© thelongsilence
Row Forest © thelongsilence

© thelongsilence
Storage © thelongsilence
Geri: Do you have any interesting stories about any of the places you've photographed?  (Some of them look a bit eerie to me!)

Richard:  Erskine College was interesting. It is a girls' Catholic School that was built in 1905-06 by the Society of the Sacred Heart and closed in 1984. Since then it has been inhabited by pigeons. I walked in one day and asked a groundskeeper if I could go in and take some photos, as you do. His response was, "Sure, as long as you know it is an earthquake risk." Like that was going to stop me. In through a broken window, up and down the four stories of echoing silence, out on the third floor balcony and down an external fire escape. It was a freaky place...it was dark, dank and dripping in some areas; beautifully lit in others through floor to ceiling windows that were still intact and completely covered in pigeon shit. And dead pigeons. And live pigeons, that sound exactly like someone in boots who is trying to creep up on you. Majestic and morose all in one.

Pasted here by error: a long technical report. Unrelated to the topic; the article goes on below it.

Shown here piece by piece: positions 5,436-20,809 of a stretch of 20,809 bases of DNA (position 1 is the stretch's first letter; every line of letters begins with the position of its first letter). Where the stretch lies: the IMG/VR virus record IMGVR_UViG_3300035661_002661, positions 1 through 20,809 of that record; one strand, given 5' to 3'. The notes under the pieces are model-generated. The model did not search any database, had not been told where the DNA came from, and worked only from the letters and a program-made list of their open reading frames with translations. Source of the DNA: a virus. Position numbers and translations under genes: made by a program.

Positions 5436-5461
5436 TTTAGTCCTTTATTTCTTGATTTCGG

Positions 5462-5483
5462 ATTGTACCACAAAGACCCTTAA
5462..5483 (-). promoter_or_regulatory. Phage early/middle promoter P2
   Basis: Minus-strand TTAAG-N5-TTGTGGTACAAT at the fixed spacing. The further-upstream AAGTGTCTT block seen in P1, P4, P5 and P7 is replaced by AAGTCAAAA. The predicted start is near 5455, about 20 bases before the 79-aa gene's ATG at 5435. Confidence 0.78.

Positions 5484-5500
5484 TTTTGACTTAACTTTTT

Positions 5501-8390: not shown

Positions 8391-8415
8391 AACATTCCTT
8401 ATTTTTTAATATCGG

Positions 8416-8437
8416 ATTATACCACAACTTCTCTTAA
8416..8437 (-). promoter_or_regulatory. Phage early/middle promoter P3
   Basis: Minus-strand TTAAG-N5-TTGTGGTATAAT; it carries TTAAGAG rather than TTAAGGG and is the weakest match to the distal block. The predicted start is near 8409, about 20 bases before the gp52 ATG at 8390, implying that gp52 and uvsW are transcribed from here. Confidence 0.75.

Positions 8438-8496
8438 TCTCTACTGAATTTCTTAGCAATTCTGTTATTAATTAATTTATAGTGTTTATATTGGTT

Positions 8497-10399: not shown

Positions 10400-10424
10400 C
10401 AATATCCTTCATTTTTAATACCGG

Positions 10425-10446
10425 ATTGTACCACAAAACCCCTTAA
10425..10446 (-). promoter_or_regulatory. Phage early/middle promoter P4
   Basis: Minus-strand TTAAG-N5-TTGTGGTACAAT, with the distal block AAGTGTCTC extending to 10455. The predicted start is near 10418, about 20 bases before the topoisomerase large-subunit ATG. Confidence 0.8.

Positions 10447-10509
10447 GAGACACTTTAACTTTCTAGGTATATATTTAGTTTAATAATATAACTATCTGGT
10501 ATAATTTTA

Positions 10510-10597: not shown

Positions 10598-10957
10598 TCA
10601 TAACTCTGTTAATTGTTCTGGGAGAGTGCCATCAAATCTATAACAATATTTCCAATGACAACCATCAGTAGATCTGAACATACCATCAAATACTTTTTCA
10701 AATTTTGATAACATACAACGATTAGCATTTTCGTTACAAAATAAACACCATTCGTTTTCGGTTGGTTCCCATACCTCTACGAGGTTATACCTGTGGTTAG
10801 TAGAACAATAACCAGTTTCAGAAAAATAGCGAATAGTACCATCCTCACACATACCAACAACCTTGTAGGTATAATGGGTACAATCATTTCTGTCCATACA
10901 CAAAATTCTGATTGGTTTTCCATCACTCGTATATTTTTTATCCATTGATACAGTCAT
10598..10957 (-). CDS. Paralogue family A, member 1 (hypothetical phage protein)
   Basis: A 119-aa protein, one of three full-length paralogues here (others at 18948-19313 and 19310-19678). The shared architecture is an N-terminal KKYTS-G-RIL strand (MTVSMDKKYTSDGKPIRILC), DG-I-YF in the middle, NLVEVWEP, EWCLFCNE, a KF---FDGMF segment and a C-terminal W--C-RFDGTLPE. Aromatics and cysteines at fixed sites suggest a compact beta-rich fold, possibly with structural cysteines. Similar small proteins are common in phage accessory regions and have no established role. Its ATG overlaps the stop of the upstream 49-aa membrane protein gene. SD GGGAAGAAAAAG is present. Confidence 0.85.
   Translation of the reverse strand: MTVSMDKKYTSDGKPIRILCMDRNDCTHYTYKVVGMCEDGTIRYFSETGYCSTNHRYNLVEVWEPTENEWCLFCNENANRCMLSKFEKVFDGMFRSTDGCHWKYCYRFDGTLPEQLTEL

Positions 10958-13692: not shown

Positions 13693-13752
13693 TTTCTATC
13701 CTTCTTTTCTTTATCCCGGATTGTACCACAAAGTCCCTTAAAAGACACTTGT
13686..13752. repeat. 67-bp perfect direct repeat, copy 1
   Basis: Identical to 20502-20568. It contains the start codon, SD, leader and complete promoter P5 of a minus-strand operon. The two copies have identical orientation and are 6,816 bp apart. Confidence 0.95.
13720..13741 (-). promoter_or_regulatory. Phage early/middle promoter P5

© thelongsilence
Pack o' Pigeons © thelongsilence
Geri:  On Instagram you're listed as a proud member of the Royal Snapping Artists?  Who started the group, and what is the common denominator for the members?

Richard:  Royal Snapping Artists is a collection of groups that specialize in particular areas. I’m part of Precious Junk and Dark whose themes are abandoned / forgotten / derelict and dark respectively.  It's a bit of an honor for me as it recognizes you have a talent in a particular area and that there are other people interested in showcasing your work. There are some amazing people in the Royal Snapping Artist families. Personally I don't feel qualified to be a member, but I am. As well as that, I'm a Nexus Soldier, the Nexus Army being an equivalent group to the RSA,primarily focused on the abandoned and derelict.